HP Update Before The U.S House Corporate Spying Hearings
Late on Wednesday June 27th, the U.S House of Representatives Energy and Commerce Committee's subcommittee on investigations released prepared testimony ahead of the next day’s hearings on the Hewlett-Packard corporate spying scandal. The Wall Street Journal in this article reports that:
Former Hewlett-Packard Co. Chairman Patricia Dunn said she learned in late spring of 2005 that phone records were accessed as part of H-P's board leak investigation. Ms. Dunn, in testimony prepared for a House committee hearing Thursday, said she had a "clear impression" from Ronald Delia, a private investigator involved in the investigation, that such phone records "could be obtained from publicly available sources in a legal and appropriate manner."
Ms. Dunn discussed the investigation with directors in March 2005 and in July 2005. "No director questioned me in board session or privately about concerns regarding how the investigation was being conducted," she said. After the investigation entered a second, more-intensive phase in 2006, Ms. Dunn said she remained convinced that H-P was doing nothing wrong in the leak probe, given that H-P lawyers were "unambiguously overseeing the investigation." Ms. Dunn said she and Mark Hurd, H-P's chief executive officer, were given a briefing on the probe in March 2006. "The report emphasized the lawful nature of the procedures," she said.
H-P's tactics, disclosed after director Thomas Perkins complained after resigning in May, include acquiring the personal phone records of at least 20 people, including board members, H-P employees and reporters, by impersonating them, a practice called pretexting. At least one director and two journalists were followed by investigators.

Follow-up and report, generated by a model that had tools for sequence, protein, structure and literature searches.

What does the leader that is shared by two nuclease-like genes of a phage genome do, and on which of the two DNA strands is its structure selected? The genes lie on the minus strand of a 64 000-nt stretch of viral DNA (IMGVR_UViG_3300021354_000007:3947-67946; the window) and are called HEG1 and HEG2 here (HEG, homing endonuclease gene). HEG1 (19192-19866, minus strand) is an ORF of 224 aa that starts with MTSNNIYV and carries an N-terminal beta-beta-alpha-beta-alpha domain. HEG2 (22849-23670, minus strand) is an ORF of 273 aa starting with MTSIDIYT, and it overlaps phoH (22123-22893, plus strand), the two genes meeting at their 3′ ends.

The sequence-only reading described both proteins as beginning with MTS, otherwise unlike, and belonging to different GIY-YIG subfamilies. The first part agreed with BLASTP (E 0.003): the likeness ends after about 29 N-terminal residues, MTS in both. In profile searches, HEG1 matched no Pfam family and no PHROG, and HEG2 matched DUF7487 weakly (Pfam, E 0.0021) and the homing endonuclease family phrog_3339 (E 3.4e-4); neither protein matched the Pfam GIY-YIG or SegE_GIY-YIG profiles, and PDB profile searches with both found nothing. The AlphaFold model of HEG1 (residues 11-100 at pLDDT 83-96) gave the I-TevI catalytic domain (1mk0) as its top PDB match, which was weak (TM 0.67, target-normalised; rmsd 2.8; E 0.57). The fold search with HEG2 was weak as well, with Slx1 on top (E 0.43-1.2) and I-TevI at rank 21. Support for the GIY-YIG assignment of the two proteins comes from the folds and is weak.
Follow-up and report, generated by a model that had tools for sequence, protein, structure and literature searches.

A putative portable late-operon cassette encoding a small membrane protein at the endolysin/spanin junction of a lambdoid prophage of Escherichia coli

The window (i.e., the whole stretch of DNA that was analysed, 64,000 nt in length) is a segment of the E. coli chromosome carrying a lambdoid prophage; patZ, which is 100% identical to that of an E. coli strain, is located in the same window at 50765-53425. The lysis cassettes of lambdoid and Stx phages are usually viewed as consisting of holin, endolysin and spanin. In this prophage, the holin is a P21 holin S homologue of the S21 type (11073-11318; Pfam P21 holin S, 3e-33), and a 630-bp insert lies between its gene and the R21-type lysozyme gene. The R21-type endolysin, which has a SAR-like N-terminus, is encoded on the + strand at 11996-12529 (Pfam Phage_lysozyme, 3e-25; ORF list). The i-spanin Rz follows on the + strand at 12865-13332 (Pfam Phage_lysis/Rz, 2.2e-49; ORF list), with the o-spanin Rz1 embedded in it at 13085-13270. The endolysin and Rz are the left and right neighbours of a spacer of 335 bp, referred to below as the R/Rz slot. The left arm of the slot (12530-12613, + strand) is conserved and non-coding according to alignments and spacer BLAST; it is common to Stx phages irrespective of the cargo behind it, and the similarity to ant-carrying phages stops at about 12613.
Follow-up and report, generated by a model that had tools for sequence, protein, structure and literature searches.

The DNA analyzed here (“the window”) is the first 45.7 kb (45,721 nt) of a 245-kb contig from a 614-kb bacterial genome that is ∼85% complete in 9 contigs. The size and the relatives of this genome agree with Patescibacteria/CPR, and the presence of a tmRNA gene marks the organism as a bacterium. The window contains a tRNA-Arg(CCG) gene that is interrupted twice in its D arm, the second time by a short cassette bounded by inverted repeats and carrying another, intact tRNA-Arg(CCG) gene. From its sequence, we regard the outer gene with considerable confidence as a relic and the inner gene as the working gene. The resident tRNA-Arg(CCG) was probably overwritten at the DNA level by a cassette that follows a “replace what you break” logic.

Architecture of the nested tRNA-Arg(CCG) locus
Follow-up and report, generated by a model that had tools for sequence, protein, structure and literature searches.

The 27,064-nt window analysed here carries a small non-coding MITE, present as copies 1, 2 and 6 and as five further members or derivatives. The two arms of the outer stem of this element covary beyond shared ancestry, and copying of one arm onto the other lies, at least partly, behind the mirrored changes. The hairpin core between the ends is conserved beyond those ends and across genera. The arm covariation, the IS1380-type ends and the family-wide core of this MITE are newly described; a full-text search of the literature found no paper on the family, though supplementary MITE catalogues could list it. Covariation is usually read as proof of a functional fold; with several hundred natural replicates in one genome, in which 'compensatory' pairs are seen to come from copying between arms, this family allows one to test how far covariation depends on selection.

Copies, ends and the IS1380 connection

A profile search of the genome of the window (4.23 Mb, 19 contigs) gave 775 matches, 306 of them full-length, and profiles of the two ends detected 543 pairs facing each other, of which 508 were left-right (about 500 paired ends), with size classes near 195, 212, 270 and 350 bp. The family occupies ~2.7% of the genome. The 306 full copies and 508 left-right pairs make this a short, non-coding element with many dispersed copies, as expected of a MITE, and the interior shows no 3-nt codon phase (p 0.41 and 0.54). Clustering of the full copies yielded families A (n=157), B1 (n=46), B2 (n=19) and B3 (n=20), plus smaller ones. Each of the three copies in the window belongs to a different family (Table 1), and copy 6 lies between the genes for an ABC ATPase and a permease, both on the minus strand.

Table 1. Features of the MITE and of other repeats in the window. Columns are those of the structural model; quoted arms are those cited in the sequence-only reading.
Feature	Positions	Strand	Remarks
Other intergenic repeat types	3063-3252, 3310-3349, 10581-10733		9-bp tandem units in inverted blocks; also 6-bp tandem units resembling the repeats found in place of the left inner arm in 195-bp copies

The prepared testimony for HP CEO Mark Hurd does not reveal many new details of how the corporate investigation could hhave gone so wrong. The WSJ article includes the following:
Rep. Ed Whitfield, the Kentucky Republican who chairs the House Energy and Commerce Committee's subcommittee on investigations, said he intends to grill Mr. Hurd on whether the H-P CEO also knew such invasions of privacy were potentially illegal. "We're going to ask him a lot of questions and get the facts out," Mr. Whitfield said in an interview. "I don't think there's any question that (Mr. Hurd) knew about this effort. Whether or not he knew there was pretexting and some of other problems, we'll have to find out."
Mr. Hurd, in testimony prepared for the hearing, reiterated his apologies about the tactics of the investigation, without disclosing many new details. "What began as a proper and serious inquiry into leaks to the press of company information became a rogue investigation that violated our own principles and values," he said. "Although the board was informed that an investigation had started, they were not told the operational details," he said.
In her testimony, Ms. Dunn says neither she nor Mr. Hurd "designed or implemented" the investigative techniques that were used. However she said both "were made aware of a 'sting' operation" that the investigators wanted to use against a CNET News.com reporter. She said she left the final decision on whether to send an email with tracking software to Mr. Hurd. (Mr. Hurd, in his prepared testimony, says he approved the content of the fake email sent to the reporter, but does "not recall seeing, nor do I recall approving, the use of tracer technology.")
Earlier in the day, this House subcommittee issued five more subpoenas, all to private investigators who were subcontractors who worked for the Florida firm Action Research Group. The New York Times article Congress Calls 5 Detectives to H.P. Hearing has more details. Those subpoenaed were Bryan Wagner of Littleton, Colo.; Darren Brost of Austin, Tex.; Charles Kelly of CAS Agency in Villa Rica, Ga.; Cassandra Selvage of Eye in the Sky Investigations in Dade City, Fla.; and Valerie Preston of InSearchOf Inc. in Cooper City, Fla.